Employers have a general duty to take reasonable measures to protect the health and safety of the workforce and to provide a safe place of work. Some of the practical steps that employers may consider include:
We’re living in a whole new world. As many workers have shifted to a home office or are under stay-at-home orders, there are legal questions about who is responsible for the worker’s health and safety. The corona virus pandemic has brought into focus the many new and different risks faced by businesses and workers alike as we enter into a new working landscape.
Most of us would like to think no-one was harmed in the brewing of our favourite beer. That’s something to which Stone & Wood Brewing Co can attest, thanks to its emphasis on workplace safety at its northern NSW facilities.
A recent study showing workers injured early in their employment are more likely to file future workers compensation claims than other workers has experts weighing the root cause of repeat claims.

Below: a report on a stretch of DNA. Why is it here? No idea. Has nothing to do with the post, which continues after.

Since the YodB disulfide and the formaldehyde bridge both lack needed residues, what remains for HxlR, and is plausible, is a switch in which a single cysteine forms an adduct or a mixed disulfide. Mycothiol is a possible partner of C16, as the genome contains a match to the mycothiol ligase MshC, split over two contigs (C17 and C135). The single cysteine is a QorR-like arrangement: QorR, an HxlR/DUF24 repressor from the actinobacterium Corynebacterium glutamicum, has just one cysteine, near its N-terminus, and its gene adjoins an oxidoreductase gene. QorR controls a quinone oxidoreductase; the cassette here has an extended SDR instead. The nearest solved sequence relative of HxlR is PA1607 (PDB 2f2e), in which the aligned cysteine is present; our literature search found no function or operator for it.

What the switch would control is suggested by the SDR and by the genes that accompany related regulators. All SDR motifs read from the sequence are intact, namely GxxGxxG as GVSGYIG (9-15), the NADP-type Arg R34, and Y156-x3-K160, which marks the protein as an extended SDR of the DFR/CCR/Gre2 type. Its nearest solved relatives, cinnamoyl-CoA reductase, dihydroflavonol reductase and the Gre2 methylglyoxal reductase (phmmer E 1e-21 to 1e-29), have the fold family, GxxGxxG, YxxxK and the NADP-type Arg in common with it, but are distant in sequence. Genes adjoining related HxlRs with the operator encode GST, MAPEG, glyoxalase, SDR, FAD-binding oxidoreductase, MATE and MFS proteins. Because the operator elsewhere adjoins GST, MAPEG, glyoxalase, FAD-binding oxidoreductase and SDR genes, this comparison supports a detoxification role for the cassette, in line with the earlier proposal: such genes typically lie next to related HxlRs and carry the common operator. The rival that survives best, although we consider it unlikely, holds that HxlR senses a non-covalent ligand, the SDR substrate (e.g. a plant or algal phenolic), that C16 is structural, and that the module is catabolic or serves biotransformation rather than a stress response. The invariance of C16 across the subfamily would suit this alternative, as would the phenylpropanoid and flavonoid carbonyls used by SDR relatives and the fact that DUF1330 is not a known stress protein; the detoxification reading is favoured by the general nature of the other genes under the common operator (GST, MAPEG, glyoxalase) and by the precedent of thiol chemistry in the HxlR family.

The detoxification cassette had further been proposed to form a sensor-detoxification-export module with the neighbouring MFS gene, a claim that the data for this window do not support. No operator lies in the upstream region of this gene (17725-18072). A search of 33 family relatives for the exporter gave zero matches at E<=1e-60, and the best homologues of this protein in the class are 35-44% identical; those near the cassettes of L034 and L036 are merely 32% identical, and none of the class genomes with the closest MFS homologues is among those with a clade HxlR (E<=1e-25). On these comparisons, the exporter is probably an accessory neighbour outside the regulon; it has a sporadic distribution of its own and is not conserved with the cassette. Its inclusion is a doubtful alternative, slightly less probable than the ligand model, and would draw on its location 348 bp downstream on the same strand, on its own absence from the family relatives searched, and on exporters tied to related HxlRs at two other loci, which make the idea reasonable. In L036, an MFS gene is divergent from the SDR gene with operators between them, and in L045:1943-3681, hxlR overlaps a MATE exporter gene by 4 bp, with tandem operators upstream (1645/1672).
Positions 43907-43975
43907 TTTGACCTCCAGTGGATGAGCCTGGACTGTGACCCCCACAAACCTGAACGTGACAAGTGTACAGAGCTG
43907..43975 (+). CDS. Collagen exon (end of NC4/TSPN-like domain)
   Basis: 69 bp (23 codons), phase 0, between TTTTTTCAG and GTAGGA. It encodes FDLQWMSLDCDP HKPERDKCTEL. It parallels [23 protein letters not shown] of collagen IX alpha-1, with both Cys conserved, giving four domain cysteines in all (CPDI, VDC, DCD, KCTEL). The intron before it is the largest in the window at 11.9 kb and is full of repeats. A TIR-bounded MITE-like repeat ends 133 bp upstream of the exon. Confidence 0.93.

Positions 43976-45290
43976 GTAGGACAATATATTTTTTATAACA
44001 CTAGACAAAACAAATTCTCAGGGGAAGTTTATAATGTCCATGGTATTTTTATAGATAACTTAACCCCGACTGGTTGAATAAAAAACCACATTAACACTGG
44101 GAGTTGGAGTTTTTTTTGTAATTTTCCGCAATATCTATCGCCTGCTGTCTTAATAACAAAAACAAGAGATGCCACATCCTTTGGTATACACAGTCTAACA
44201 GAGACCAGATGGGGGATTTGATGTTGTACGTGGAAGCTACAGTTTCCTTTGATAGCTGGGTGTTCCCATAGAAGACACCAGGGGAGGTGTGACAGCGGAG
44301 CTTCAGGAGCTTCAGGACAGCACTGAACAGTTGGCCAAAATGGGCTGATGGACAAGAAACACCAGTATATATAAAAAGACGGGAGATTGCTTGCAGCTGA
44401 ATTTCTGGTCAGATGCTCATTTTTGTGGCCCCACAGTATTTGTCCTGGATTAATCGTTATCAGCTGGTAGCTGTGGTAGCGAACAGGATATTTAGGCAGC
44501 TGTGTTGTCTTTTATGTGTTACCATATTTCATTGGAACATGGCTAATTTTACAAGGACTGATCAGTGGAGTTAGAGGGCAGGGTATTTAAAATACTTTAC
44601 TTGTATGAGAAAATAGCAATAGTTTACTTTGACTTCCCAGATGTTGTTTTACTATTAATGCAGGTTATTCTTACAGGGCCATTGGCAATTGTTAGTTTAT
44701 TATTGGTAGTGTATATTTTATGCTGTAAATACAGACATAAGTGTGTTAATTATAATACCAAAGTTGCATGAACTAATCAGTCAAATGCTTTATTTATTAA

The operator of a tyre recycling facility has been convicted and fined $80,000 after a young father was left with life-changing injuries.
More than 100,000 serious workplace injuries still occur every year. These range from mental stress, to trips and falls, to collisions with objects.
Official workplace fatality figures from 2017 showed there were 43 deaths in the agriculture, forestry and fishing sector that year, just three fewer than the 46 deaths in the transport and warehousing industry — yet agriculture employs half the number of people.
ATTA Quality Training Pty Ltd was convicted in Sunshine Magistrates Court after it pleaded guilty to 14 charges under the Occupational Health and Safety Act 2004 of knowingly providing false information.
A training organisation, one specialising in workplace health and safety, has been fined $200,000 after it was found to have falsified training records for high-risk safety certifications.